Annual report of the National Advisory Committee for Aeronautics (25th).administrative report including Technical Report nos. 645 to 680

Date: January 1, 1940
Creator: unknown
Description: Report includes the National Advisory Committee for Aeronautics letter of submittal to the President, summaries of the committee's activities and research accomplished, bibliographies, and financial report.
Contributing Partner: UNT Libraries Government Documents Department
The application of basic data on planing surfaces to the design of flying-boat hulls

The application of basic data on planing surfaces to the design of flying-boat hulls

Date: January 1940
Creator: Diehl, Walter S.
Description: Basic lift data on planing surfaces have been analyzed and the data applied to the design of flying-boat hulls. It is shown that a balance between air and water forces requires that the beam of the planing area bear a relation to the wing area that is determined by the lift coefficient of the wing and by the angle of dead rise in the planing surface. It is also shown that the fore-and-aft extent of the required planing area depends on the angle of dead rise. Failure to provide sufficient length of planing area appears to be the main reason for the poor water performance sometimes obtained when a large angle of dead rise is used.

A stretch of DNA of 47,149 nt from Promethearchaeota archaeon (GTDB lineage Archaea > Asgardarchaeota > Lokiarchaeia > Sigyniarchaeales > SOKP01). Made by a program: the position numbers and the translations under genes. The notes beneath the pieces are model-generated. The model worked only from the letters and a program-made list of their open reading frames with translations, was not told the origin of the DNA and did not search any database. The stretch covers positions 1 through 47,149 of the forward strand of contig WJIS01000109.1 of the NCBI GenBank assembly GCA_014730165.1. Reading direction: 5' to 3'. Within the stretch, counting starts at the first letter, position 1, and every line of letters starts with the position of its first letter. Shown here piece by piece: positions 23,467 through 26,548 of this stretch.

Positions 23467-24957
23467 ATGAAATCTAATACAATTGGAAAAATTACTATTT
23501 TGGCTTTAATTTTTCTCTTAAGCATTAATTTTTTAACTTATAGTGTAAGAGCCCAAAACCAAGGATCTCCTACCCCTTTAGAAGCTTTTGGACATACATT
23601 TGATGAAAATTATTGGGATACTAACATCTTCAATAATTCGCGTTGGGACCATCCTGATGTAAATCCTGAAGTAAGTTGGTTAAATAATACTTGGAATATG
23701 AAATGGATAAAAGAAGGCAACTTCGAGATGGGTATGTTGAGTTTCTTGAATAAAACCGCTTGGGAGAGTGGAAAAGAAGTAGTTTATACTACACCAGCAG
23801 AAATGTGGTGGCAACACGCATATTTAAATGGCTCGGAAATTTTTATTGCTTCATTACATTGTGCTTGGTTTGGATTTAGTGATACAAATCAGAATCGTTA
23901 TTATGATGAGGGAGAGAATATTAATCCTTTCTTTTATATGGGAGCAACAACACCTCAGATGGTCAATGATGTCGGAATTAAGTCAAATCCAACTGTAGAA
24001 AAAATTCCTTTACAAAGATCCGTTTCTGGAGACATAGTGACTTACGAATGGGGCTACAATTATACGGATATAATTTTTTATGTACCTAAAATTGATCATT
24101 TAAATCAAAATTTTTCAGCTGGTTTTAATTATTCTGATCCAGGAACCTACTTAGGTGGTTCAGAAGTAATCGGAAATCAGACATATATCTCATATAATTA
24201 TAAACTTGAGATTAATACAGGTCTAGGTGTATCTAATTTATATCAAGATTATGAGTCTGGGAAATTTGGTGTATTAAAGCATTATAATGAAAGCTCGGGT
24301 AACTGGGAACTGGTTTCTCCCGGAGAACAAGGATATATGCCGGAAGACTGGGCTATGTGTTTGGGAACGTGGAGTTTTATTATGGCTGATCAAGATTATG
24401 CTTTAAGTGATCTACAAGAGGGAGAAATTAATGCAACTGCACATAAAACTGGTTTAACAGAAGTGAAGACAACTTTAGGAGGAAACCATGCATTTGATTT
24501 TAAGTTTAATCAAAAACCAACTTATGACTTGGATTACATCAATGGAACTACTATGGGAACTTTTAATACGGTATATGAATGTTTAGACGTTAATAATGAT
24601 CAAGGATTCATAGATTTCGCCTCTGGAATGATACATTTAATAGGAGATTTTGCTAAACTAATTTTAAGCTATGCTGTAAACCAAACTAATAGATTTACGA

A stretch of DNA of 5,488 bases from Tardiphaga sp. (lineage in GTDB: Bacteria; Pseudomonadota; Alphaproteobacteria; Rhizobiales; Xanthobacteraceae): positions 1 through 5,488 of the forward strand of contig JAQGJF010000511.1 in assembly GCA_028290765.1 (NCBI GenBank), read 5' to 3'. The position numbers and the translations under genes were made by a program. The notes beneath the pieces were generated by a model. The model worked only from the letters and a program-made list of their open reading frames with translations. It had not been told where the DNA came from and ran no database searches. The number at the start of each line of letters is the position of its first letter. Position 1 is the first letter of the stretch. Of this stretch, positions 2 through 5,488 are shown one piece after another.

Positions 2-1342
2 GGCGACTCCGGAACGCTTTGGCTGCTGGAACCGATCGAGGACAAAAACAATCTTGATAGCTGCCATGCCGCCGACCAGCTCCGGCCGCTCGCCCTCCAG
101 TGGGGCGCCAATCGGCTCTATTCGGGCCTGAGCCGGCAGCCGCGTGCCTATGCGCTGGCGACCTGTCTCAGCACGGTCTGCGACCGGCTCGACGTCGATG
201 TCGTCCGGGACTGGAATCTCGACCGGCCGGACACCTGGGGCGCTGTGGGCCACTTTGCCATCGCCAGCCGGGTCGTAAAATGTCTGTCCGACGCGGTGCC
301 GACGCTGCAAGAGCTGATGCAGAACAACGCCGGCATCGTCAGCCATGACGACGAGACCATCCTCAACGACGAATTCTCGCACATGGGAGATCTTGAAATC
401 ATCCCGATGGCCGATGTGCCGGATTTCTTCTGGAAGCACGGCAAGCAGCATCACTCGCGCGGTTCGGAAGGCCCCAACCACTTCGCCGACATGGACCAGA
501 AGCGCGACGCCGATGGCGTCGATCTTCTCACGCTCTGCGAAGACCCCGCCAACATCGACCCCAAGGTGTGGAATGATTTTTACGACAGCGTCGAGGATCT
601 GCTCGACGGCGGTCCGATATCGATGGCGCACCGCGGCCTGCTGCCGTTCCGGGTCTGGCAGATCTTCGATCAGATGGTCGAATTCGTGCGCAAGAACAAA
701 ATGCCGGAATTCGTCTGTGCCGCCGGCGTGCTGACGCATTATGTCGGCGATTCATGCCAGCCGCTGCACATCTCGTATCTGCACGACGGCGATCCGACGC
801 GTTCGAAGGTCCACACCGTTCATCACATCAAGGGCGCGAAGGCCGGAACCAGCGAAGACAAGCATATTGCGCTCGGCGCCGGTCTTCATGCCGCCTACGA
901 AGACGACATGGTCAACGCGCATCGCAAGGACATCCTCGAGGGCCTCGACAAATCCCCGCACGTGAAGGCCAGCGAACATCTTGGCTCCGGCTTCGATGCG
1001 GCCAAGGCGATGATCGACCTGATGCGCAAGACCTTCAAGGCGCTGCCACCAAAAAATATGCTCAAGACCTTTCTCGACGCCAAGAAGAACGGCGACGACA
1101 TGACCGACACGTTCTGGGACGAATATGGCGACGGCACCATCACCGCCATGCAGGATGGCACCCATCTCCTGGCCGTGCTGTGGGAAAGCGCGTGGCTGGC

Contributing Partner: UNT Libraries Government Documents Department
Application of the methods of gas dynamics to water flows with free surface I : flows with no energy dissipation

Application of the methods of gas dynamics to water flows with free surface I : flows with no energy dissipation

Date: March 1, 1940
Creator: Preiswerk, Ernst
Description: The application is treated in sufficient detail to facilitate as much as possible its application by the engineer who is less familiar with the subject. The present work was undertaken with two objects in view. In the first place, it is considered as a contribution to the water analogy of gas flows, and secondly, a large portion is devoted to the general theory of the two-dimensional supersonic flows.
Contributing Partner: UNT Libraries Government Documents Department
Application of the methods of gas dynamics to water flows with free surface II : flows with momentum discontinuities (hydraulic jumps)

Application of the methods of gas dynamics to water flows with free surface II : flows with momentum discontinuities (hydraulic jumps)

Date: March 1, 1940
Creator: Preiswerk, Ernst
Description: In this paper an introduction to shock polar diagrams is given which then leads into an examination of water depths in hydraulic jumps. Energy loss during these jumps is considered along with an extended look at elementary solutions of flow. An experimental test set-up is described and the results presented.
Contributing Partner: UNT Libraries Government Documents Department